• on the decanter itself: this will allow to control the concentration of sludge extracted despite variations in the input concentration. It will also be possible to explore the use of the decanter for dynamic storage purposes, ultimately allowing the volume of the decanters to be optimized.
• on the whole activated sludge process: a relevant control strategy must be done throughout the process and not only at the level of the biological reactor. The monitoring of floc formation in the biological reactor and on their settling is not currently explored.

Project location: Lyon with meeting in Grenoble.
02 or 03-2018 +6 months
Possibility of thesis in Grenoble

Internship offer: Characterization of material transfer processes and adsorption / desorption of antibodies / antigens in a biological diagnostic device by the affinity chromatography technique.

Proposition de stage


Caractérisation des processus de transfert de matière et d’adsorption/désorption d’anticorps/antigènes dans un dispositif de diagnostic biologique par la technique de la chromatographie d’affinité.


Les systèmes de diagnostic in vitro permettent d’identifier l’origine d’une maladie à partir d’échantillons biologiques prélevés sur un patient. Les immunoessais, l’une des technologies utilisée pour les systèmes de diagnostic in vitro, permettent de détecter ou de quantifier la présence d’antigènes ou d’anticorps dans un échantillon biologique. Ils reposent sur le principe de la réaction immunologique : la reconnaissance spécifique entre un anticorps et un antigène.
Les mécanismes physiques mis en jeu lors des différentes étapes d’un test d’immunoessai sont nombreux et dépendent beaucoup des conditions expérimentales. Les processus de test complets sont donc extrêmement complexes et ne sont pour l’instant mis au point que par une approche essentiellement empirique, donc coûteuse en temps et en ressources.
Afin d’améliorer et de concevoir les systèmes de diagnostic de façon plus rationnelle et efficace, il y a donc un intérêt fort à apporter une compréhension fine et une vision intégrée de l’ensemble des mécanismes mis en jeu dans les tests. Focaliser le travail empirique de conception et d’optimisation sur des paramètres critiques pré-identifiés par un modèle prédictif aurait donc un impact direct sur l’efficacité de développement de nouveaux systèmes ou tests, voir sur la performance des tests eux-mêmes.

Dans ce cadre, une collaboration a été établie entre le LAGEP et la société bioMérieux dans la mesure où les processus physico-chimiques se produisant dans les dispositifs de diagnostic concernés relèvent du Génie des Procédés : il s’agit de processus de transfert de matière et d’adsorption/désorption.
Un outil expérimental composé d’une colonne contenant un lit fixe de particules a été mis en place afin d’étudier les phénomènes physico-chimiques mis en jeu lors des tests d’immunoessais. Parallèlement, un modèle dynamique de l’outil expérimental prenant en compte les processus de transfert de matière a été développé et implémenté avec le logiciel Matlab. Ces outils expérimentaux et de modélisation sont utilisés i) pour affiner notre connaissance des mécanismes impliqués dans la capture d’antigènes par des anticorps immobilisés sur des surfaces et ii) identifier les paramètres critiques des systèmes de diagnostic.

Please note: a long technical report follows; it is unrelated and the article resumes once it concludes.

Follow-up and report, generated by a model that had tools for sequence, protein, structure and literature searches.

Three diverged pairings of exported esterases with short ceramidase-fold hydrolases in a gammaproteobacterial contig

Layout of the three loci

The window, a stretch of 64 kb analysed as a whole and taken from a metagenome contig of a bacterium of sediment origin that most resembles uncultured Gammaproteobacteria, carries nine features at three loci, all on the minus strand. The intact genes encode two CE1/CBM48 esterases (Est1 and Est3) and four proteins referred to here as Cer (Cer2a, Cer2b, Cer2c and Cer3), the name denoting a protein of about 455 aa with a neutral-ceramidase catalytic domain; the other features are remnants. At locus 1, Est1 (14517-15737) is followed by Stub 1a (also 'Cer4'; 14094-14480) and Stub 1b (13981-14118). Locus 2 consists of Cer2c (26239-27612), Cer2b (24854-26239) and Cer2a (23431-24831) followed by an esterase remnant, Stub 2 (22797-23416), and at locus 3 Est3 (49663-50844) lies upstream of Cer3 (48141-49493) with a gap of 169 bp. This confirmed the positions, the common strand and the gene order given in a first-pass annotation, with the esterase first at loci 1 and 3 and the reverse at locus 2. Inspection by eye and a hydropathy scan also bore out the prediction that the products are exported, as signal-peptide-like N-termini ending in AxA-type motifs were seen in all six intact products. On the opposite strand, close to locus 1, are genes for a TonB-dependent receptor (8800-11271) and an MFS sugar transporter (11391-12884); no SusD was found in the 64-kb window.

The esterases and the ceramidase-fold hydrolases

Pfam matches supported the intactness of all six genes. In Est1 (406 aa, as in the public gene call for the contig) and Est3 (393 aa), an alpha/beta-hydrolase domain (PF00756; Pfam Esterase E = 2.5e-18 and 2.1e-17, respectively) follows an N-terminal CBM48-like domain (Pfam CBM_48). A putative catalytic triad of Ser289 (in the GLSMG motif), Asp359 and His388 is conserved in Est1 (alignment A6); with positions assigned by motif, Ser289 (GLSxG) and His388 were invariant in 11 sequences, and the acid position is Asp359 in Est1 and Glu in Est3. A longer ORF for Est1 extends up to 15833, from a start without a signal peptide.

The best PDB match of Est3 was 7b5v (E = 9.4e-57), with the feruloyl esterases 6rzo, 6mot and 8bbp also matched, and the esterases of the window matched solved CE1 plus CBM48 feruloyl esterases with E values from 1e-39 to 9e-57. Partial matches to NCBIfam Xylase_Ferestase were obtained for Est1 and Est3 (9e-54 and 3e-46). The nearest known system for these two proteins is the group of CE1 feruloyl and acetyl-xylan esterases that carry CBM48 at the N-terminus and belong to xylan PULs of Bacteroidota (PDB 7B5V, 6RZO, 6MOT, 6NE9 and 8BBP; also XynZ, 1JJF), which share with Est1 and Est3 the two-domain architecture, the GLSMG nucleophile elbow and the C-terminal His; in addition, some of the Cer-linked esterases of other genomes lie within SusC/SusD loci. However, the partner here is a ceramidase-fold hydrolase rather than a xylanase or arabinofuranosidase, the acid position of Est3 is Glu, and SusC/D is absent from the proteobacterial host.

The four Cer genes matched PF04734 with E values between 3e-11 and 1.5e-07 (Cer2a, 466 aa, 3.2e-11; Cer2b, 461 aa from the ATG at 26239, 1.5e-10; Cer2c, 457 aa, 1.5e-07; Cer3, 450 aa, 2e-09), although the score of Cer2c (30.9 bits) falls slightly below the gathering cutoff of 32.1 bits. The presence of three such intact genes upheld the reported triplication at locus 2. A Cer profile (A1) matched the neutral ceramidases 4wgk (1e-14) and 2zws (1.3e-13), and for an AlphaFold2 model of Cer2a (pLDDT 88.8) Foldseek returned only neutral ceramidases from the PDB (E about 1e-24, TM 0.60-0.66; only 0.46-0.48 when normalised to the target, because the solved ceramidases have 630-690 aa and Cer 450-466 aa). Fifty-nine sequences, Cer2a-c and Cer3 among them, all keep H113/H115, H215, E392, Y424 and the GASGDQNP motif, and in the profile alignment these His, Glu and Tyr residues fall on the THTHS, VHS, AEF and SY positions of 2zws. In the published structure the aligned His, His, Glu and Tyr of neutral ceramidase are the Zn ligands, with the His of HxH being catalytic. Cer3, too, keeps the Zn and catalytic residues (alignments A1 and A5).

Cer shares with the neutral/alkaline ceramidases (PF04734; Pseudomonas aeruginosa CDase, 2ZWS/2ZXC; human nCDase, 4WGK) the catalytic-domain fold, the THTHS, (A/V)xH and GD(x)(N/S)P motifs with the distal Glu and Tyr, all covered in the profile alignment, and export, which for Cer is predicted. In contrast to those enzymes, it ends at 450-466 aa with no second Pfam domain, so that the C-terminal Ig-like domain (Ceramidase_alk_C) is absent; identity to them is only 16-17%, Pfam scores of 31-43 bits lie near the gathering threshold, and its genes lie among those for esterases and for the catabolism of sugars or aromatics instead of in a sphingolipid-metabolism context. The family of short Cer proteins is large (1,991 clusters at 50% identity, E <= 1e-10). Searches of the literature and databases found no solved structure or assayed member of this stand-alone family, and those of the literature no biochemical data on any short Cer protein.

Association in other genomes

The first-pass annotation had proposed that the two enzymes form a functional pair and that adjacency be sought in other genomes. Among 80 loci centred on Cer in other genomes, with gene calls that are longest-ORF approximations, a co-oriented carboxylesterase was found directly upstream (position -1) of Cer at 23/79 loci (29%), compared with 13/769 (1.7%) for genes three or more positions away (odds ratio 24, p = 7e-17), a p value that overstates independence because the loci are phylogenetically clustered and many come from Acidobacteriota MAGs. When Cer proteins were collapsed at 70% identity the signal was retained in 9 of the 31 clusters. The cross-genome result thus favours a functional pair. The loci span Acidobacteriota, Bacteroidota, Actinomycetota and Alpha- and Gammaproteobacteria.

Le travail se fera au LAGEP, Laboratoire d’Automatique et de Génie des Procédés (LAGEP-UMR CNRS 5007) et plus particulièrement au sein de l’équipe Dynamique et Commande des Procédés (DYCOP) dont les thématiques de recherche concernent, entre autres, la caractérisation et la modélisation des phénomènes de transfert de matière dans les milieux poreux.
Ce travail se fait en collaboration avec la société bioMérieux (Laurent Drazek –

Description du stage
Durant ce stage il s’agira :
-d’utiliser et d’améliorer l’outil expérimental mis en place pour étudier les phénomènes physico-chimiques mis en jeu lors de la capture d’antigènes par des anticorps immobilisés sur un support.
Des anticorps seront immobilisés sur un lit de particules dans une colonne. Des antigènes seront injectés à l’entrée de la colonne de chromatographie. La concentration en antigène sera mesurée en sortie de colonne pour obtenir des courbes de perçage. L’influence de certains paramètres (tels que le débit et la concentration d’antigènes en entrée de colonne) sur les courbes de perçage devra être étudiée.
-d’exploiter les courbes de perçage obtenues pour caractériser les paramètres physico-chimiques intervenant dans les interactions anticorps/antigènes. Les paramètres seront obtenus en minimisant l’écart entre les données expérimentales et les données de simulation obtenues grâce au modèle déjà implémenté sous Matlab.

Profil recherché
- Niveau d’étude : niveau master 2 ou troisième année d’école d’ingénieur.
- Qualités requises : organisation, rigueur, motivation, travail en équipe, goût pour l’expérimentation.

- Compétences en analyses physico-chimiques ;
- Connaissances en génie des procédés ;
- Connaissances de base en immunologie appréciées mais pas obligatoires.

Laboratoire LAGEP (UMR CNRS 5007, Université Lyon 1)
Bâtiment CPE
43 boulevard du 11 novembre 1918

Durée proposée
6 mois (1er semestre 2018 – dates flexibles)

Conditions d’accueil
Le stagiaire sera co-encadré par Maëlenn Robin et Mélaz Tayakout-Fayolle au sein de l’équipe DYCOP du LAGEP.
Gratification de stage : gratification légale (~3.60 €/heure soit ~500€/mois)

Merci d’envoyer vos CV et lettres de motivation à Maëlenn Robin ( – 04 72 43 18 70).